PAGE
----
The alternatives to the consumer are many.  It can be between very similar products such as “Brand X” soup versus “Brand Y” soup.  It can be a choice between related products, like eating soup at home versus going out to eat at a restaurant.  It can also be between vastly different products.  An extreme example could be a young woman’s choice between going back to college or having a baby.

Choices between extremely different options happen all the time.  For example, a teenager may want to be popular at school.  To get there, the teen may consider a number of different options, like spending their money on the latest clothing fashions, or buying the latest technology gadget, or buying drugs. 

The multiple choice answers are quite varied.  And unless you frame the question properly to understand the real problem being solved (“What will make me popular with my peers?”), you will not understand what is going on in the mind of that person when they are making that choice.    For example, if you sell teen clothing, your biggest problem may be in convincing that teen that your clothes will make them cooler with the in-crowd than the latest smartphone.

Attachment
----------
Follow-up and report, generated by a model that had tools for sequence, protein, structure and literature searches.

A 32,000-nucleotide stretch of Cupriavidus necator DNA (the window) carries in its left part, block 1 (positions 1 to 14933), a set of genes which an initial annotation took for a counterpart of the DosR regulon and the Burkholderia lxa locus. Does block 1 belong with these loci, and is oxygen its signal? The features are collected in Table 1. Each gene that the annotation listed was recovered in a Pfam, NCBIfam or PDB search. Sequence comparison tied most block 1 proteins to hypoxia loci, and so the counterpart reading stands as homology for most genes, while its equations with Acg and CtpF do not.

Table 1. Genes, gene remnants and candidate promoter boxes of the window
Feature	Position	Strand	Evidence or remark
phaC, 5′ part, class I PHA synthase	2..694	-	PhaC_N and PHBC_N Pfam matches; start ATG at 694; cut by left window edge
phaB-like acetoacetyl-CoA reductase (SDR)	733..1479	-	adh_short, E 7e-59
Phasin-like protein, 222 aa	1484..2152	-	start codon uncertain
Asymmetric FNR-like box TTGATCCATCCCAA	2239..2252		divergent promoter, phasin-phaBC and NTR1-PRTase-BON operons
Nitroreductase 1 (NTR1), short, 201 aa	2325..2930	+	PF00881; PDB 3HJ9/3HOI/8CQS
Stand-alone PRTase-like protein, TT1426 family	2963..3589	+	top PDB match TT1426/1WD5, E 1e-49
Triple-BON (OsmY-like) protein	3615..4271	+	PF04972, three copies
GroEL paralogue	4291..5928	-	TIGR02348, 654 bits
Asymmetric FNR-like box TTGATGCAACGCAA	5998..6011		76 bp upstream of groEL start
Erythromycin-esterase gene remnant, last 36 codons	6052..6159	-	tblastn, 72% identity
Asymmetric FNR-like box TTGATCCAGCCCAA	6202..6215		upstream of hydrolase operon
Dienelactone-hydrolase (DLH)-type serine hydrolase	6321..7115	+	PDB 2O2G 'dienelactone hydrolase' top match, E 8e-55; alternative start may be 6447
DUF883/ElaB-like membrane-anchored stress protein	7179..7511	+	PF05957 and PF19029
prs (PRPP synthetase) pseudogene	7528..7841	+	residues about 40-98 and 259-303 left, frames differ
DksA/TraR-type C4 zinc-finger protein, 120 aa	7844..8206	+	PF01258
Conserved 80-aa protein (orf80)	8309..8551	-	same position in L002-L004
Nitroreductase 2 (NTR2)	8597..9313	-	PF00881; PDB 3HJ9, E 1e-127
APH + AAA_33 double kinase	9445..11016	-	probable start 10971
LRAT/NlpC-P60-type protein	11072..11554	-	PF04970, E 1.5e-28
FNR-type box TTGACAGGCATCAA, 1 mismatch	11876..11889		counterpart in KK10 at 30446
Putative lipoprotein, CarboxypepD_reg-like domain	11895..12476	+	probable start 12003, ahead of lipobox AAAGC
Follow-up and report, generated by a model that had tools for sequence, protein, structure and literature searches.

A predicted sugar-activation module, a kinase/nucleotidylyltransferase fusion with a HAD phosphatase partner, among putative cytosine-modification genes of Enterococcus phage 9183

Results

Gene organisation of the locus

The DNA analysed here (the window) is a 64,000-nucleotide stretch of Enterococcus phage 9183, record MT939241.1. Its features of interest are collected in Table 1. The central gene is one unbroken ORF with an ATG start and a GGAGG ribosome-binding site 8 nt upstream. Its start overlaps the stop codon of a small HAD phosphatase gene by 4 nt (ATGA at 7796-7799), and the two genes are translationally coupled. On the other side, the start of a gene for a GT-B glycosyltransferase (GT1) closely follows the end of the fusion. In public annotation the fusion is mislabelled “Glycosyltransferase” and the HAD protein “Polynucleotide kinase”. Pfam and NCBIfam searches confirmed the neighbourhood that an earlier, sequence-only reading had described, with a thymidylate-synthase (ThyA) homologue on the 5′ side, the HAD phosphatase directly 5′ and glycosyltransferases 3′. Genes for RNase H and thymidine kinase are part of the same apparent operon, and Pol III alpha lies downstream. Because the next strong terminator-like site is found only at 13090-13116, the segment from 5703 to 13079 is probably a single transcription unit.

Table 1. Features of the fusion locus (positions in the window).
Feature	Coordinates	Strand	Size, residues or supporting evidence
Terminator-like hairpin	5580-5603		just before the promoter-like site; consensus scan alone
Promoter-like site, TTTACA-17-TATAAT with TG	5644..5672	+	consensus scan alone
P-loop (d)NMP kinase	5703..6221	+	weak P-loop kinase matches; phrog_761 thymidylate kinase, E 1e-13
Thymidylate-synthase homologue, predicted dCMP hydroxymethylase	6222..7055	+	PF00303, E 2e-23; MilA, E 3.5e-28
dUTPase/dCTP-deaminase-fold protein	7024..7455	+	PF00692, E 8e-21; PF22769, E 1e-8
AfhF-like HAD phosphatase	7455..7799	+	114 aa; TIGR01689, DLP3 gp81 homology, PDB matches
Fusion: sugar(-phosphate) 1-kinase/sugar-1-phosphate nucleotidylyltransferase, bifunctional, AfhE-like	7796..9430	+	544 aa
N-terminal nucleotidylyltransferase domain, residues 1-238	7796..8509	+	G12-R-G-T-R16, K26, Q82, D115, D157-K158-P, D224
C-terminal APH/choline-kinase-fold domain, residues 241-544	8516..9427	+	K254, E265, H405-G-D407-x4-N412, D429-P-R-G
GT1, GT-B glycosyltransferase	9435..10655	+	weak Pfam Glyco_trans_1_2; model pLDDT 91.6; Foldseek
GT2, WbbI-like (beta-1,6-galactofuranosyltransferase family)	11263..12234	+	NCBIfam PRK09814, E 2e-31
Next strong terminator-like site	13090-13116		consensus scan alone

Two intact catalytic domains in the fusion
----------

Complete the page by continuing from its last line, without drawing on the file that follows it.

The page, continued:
That is why it is so important for executives to look at sales as a multiple choice exercise for the consumer.   It helps orient executives towards understanding:

1.      What problems the customer is trying to solve;

2.      What is the vast array of options that can solve that problem; and

3.      How can I make my product become the best answer for that multiple choice question.

And, as I found out as a child, the best multiple choice answer usually has the most words. Or in this case, the customer chooses the answer with the most attributes related to solving the problem.  And you won’t know which attributes are relevant unless you understand which multiple choice question is being asked.

The principle here is that if you want to increase sales, and do it profitably, you need to have a strategy which makes you the best option to a multiple choice question asked by a large segment of the population.  There are only two ways to create that superiority—natural advantages or bribes.